Experts say Vietnam’s drive to become one of the world’s leading rice exporters is pushing farmers in the fertile delta region to the brink, with mounting costs to the environment.
The communist nation is already the world’s second-largest exporter of the staple grain, but intensive rice cultivation, particularly the shift to producing three crops per year, is taking its toll on farmers and the ecosystem.
A major famine in 1945 and food shortages in the post-war years led to the government adopting a “rice first” policy. This now generates far more of the crop than needed to feed Vietnam’s 90 million population and has catalyzed a thriving export industry.
Rice yields have nearly quadrupled since the 1970s, official figures show, owing to high-yield strains and the construction of a network of dykes that today allow farmers to grow up to three crops per year.
The amount of land under cultivation in the Mekong Delta has also expanded and quotas are in place to prevent farmers from switching to other crops.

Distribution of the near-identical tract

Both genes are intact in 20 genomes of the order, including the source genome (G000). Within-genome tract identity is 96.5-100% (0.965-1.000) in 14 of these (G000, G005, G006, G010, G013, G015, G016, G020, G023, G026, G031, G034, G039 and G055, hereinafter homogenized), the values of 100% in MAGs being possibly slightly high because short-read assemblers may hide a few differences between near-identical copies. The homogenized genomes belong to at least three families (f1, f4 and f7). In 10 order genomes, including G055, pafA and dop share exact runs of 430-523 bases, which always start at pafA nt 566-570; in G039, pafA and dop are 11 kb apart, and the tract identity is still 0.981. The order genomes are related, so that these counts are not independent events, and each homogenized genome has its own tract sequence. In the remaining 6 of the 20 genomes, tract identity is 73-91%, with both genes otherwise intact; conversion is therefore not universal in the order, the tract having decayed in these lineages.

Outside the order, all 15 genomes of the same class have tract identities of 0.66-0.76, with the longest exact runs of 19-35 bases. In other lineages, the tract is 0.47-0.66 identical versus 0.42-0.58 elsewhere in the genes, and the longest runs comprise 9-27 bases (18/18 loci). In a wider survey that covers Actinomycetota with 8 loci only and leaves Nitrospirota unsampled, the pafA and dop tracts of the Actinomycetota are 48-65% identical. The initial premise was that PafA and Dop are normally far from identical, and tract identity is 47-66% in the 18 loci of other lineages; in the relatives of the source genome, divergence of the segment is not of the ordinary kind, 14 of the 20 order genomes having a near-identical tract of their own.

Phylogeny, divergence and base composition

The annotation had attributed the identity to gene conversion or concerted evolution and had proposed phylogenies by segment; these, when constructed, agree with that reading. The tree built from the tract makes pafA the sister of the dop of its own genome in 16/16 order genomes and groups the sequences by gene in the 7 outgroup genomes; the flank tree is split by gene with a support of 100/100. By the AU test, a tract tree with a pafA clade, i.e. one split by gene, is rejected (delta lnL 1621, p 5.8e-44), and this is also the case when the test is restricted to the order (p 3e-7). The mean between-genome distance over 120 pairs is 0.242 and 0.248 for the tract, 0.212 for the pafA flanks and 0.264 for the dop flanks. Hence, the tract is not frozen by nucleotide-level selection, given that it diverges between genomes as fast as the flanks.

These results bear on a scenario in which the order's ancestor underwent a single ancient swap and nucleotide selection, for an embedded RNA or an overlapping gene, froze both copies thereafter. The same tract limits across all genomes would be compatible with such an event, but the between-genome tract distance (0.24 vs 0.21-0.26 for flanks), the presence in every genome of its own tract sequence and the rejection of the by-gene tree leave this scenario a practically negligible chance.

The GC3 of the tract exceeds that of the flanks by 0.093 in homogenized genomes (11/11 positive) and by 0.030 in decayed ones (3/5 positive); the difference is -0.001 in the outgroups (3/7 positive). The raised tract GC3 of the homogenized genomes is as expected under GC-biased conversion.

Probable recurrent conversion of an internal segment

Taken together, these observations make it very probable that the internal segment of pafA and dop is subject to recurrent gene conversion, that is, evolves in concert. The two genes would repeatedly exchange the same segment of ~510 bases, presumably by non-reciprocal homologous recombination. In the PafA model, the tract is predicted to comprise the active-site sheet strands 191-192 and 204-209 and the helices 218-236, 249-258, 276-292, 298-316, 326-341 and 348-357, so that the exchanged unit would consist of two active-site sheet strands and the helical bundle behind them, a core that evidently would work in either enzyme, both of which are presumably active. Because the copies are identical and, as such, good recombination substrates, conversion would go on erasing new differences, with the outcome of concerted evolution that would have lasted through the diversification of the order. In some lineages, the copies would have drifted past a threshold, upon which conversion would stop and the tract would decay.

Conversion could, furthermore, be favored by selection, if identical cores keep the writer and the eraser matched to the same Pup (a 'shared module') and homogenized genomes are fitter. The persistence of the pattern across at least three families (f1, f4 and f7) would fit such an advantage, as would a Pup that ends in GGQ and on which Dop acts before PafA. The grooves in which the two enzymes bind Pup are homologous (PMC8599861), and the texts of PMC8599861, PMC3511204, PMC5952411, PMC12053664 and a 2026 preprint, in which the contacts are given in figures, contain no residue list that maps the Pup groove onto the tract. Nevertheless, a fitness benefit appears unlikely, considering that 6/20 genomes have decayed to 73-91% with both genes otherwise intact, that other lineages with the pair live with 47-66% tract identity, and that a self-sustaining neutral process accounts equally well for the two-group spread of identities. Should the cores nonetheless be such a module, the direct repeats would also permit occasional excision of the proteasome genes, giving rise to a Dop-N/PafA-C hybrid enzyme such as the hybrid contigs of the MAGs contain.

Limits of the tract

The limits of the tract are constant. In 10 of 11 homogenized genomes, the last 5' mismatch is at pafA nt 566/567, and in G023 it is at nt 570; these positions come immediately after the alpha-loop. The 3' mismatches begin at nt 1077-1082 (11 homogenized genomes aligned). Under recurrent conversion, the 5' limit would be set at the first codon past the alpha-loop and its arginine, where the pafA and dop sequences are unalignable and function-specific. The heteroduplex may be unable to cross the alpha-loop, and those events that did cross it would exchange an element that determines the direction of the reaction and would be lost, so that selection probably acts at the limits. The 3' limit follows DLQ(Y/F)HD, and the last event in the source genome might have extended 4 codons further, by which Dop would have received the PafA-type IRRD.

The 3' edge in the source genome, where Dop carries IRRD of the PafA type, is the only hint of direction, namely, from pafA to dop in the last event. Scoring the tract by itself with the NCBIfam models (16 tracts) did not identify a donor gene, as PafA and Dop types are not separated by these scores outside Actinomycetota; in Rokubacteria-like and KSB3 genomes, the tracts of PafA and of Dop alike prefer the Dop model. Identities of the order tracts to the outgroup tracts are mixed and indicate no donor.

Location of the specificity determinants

However, experts are questioning who really benefits.
Vietnamese rice expert Vo Tong Xuan said farmers do not reap the rewards of the three-crop system — the rice is low quality and they spend more on pesticides and fertilizers, which become less effective each year.
He said the delta would be better off if farmers cultivated a more diverse range of crops, from coconuts to prawns, with just the most suitable land used to grow rice.
The nation should consider abandoning the third crop and focus on improving quality and branding to sell Vietnamese rice at higher prices, he said.
As salt water intrusion, drought and flooding increase in the delta — to say nothing of agricultural chemical pollution — it is hard to convince farmers to change.
The environmental costs of maintaining Vietnam’s current level of rice production are rising.
The system of dykes, which blocks flood water, are preventing soil nutrients from flowing freely and over time “soil fertility will fade,” Vietnam Rice Research Institute deputy director Tran Ngoc Thac said.
Scientists there are busy trying to breed new strains of rice that require fewer fertilizers and can survive in extreme weather.
“If farmers don’t change, pollution will continue and incomes will drop,” Thac said.
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